St. Pat’s students ready for another miracle

St. Patrick's High School students take part in the 36th annual Irish Miracle Food Drive kick-off. 3 December 2019. ( photo by Colin Gowdy)

Students from St. Patrick’s High School hope to canvass the entire city of Sarnia this Saturday morning to collect food for the St. Vincent de Paul Society.

The school held a pep rally from their gymnasium Tuesday morning in advance of the 36th annual Irish Miracle Food Drive.

Grade 12 student and Food Drive Committee Co-Chair BB Adewusi said they’re hoping to get 500 volunteers out this weekend to collect around 9,000 bags of food.

“The Irish Miracle Food Drive is a very vital part of Sarnia, and a lot of people take it for granted how much food we actually collect and how much goes to St. Vincent de Paul. I’m a part of it because, other than the fact that it does help the school community, it is a lot of fun to grab a group of friends and canvas the streets.”

Grade 11 student and fellow Committee Co-Chair Taylor Willemsvandyk said she’s been involved with the campaign for all three of her years at St. Patrick’s.

“It’s fun to see who can get the most cans and it’s sort of like a little challenge. Everyone brings their food back, you count everything you have, and it’s a good feeling when you’re all done,” said Willemsvandyk. “We prefer if people would put their donations outside, because then it’s quicker for us if we’re not waiting for them to go into their kitchen and get it, so it’s very helpful if it’s all ready to go.”

Science Teacher Vanessa Borody said it takes an army to make the campaign happen each year.

“Now because it’s been going on for so long, people know to leave their bags out on the front and they expect us and anticipate us, so as much as it’s a part of our culture and it’s what makes us a Catholic school, it really brings in everyone in the community because they look forward to it and they look forward to the knock on the door or people collecting the food that they put out.”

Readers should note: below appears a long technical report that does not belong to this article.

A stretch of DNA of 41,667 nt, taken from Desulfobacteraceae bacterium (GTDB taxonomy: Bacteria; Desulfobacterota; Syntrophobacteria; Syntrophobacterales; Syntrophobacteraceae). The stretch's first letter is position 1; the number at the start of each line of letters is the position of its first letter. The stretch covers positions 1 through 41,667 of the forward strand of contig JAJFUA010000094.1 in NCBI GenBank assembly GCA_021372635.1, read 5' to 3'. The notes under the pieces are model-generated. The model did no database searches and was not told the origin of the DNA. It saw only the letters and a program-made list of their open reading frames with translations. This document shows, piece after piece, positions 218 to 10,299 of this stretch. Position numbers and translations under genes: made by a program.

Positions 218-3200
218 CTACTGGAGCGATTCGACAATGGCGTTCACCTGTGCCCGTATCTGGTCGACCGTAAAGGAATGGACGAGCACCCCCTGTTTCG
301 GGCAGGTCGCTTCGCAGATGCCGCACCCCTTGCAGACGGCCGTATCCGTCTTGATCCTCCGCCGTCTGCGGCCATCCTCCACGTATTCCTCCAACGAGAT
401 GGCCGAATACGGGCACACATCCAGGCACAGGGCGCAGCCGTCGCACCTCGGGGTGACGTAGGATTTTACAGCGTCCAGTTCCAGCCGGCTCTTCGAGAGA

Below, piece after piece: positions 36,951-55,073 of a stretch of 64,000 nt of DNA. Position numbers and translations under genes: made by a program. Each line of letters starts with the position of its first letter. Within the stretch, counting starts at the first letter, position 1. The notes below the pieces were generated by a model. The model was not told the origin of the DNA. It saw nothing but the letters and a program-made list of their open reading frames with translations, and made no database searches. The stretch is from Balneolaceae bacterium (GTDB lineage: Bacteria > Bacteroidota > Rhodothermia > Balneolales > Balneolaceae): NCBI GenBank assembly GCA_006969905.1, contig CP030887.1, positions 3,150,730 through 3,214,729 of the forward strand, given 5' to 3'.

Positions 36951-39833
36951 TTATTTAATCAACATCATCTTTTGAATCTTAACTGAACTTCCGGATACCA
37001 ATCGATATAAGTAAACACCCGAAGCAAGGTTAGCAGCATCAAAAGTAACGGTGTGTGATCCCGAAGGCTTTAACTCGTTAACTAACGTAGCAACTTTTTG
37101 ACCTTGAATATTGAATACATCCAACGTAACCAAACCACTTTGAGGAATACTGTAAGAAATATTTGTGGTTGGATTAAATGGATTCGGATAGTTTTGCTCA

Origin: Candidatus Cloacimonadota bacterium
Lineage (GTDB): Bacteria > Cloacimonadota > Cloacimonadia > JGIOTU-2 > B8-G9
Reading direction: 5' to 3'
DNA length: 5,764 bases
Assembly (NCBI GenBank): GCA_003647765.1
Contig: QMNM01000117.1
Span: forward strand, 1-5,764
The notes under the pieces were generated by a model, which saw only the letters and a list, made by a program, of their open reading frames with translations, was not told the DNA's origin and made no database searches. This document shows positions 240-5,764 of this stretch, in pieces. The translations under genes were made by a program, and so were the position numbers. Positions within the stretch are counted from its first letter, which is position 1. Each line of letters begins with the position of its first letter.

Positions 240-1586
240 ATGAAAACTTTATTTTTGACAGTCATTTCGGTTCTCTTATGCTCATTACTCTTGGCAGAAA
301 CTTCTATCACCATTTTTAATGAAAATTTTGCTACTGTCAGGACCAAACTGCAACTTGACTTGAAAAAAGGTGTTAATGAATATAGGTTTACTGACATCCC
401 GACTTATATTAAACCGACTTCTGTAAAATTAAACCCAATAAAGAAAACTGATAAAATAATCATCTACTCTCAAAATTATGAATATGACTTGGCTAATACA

Borody said the food drive is a Sarnia tradition that spans generations.

“I actually have a student in my class whose mom was one of the original students who started it, so we’ve really come down in generations now. For some of us it’s kind of the beginning of the Christmas season, some of us bring our small children and they’ve been doing it since they were babies.”

Borody said all those interested in volunteering, young and old and everybody in between, is asked to show up at St. Pat’s at 8:30 a.m. December 7.

The annual campaign will help St. Vincent de Paul fill around 2,000 hampers this holiday season.

School Chaplin Ann Clarke, a former St. Pat’s student, said this campaign helps a lot of people in need.

“I think sometimes it goes under the radar that the needs are so great, especially at times like this when families are under pressure for lots of expenses, and sadly, food sometimes is something that people cannot afford.”

Residents are asked to place their donations outside their door December 7 between 9 a.m. and noon. For more information, click here.

Last year, around 500 students, staff and community volunteers collected over 8,000 bags of non-perishable food items for the St. Vincent de Paul Society.